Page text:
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Intel, National Semiconductor Get The Lead Out

Intel Corp. and National Semiconductor Corp. on Wednesday said they would ship significantly more lead-free products by the end of year as the high-tech industry races to meet stringent environmental regulations in Europe and Japan.

Intel plans to eliminate about 95 percent of the lead used in its processors and chipsets, while National expects to offer lead-free packages for all its integrated-circuit products. About 90 percent of National's portfolio of 15,000 ICs are lead-free today, the company said.

Brain damage and other health dangers associated with lead exposure has prompted governments to ban the metal's use in a variety of products, including paint, automobile fuel, food cans, light bulbs and plumbing solder and fixtures.

The Europe Union and Japan, however, have passed stricter regulations than the U.S., banning the import of most lead-free products in 2006 and 2005, respectively. To meet those deadlines, Intel, National and other high-tech manufacturers have been scrambling to develop alternative alloys and to modify manufacturing processes to build environmentally safe, lead-free products.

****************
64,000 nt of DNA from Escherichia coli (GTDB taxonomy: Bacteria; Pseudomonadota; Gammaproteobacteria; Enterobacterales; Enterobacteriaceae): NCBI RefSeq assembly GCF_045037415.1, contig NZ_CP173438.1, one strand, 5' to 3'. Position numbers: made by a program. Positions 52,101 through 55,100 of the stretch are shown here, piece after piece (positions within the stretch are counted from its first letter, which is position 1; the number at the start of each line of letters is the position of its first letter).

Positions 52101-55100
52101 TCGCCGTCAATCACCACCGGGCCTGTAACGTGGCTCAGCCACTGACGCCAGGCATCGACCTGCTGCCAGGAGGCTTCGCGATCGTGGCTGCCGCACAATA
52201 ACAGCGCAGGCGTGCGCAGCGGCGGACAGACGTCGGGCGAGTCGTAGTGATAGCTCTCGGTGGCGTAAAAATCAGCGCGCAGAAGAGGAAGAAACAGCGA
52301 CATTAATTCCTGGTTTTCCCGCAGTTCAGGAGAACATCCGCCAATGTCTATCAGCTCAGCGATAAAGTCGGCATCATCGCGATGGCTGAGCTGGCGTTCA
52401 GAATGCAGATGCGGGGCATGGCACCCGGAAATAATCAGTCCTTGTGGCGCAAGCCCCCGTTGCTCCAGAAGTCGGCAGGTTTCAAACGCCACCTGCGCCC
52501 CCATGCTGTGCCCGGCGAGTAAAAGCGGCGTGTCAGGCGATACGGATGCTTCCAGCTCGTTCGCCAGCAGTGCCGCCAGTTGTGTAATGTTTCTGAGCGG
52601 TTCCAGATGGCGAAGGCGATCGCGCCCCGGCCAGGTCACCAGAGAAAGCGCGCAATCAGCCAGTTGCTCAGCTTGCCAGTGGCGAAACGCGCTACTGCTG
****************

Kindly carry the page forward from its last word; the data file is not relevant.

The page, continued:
"There's a tremendous amount of work to be done and it's going to be a real challenge to meet those deadlines," Bob Pfahl, vice president for operations at the National Electronics Manufacturing Initiative, an industry consortium based in Herndon, Va.

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